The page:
Japan's Nikkei share average jumped on Monday to its highest in more than seven months, supported by Wall Street's gains at the end of last week, and as upbeat corporate earnings lifted risk appetite and prompted investors to scoop up beaten-down stocks.
The Nikkei rose 1.14% to 28,871.78, extending gains to a second session, while the broader Topix advanced 0.6% to 1,984.96.
Wall Street closed higher on Friday, as signs that inflation may have peaked in July increased investor confidence a bull market could be underway and spurred the S&P 500 and the Nasdaq to post their fourth straight weekly gain.
"There was optimism in the U.S. equities market in the previous session. That has promoted investors to make bets on stocks that had been sold off but reported strong earnings," said Ikuo Mitsui, a fund manager at Aizawa Securities.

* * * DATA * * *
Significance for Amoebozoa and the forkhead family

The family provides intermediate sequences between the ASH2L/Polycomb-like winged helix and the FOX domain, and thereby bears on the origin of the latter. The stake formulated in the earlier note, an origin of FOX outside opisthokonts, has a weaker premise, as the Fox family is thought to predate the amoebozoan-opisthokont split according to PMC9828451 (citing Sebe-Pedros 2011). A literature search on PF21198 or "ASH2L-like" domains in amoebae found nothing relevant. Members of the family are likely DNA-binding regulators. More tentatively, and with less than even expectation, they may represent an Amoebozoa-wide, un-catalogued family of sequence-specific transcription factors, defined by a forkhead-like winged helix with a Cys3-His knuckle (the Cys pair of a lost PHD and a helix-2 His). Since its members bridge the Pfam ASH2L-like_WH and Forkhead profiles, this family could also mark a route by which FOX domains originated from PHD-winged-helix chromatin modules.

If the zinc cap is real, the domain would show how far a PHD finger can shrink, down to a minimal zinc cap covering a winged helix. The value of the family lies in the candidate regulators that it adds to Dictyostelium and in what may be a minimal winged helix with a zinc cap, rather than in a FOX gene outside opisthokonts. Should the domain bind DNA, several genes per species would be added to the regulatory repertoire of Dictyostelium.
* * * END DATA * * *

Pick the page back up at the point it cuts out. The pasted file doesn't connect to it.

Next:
Investors appeared to show scant response to data that signalled Japan's economy rebounded at a slower-than-expected pace in the second quarter from a COVID-induced slump. "Investors are now trying to gauge whether the market has recovered, or there would be another retreat. But today it seems they are making positive bets."
Shares of Pan Pacific International Holdings surged 11.48% after the operator of discount store Don Quijote raised its annual profit forecast.
Drugstore chains also traded higher, with Matsukiyococokara rising 5.64% after the company reported gains in its quarterly profit and announced a share buyback.
Peer Sundrug jumped 10.77% after increasing its dividend payout forecast.
Daiichi Sankyo surged 14.52% after U.S. drugmaker Seagen said an arbitrator had ruled in favour of the Japanese drugmaker over an agreement between the two companies for using its drug technology.
Daiichi Sankyo was the second largest boost to the Nikkei, after technology investor SoftBank Group, which rose 5.17%.
Uniqlo clothing store owner Fast Retailing climbed 0.92%. Among losers, shares of Snow Peak tanked 14.8% after the camping gear retailer cut its annual profit forecast. (Reporting by Junko Fujita; Editing by Sherry Jacob-Phillips and Subhranshu Sahu)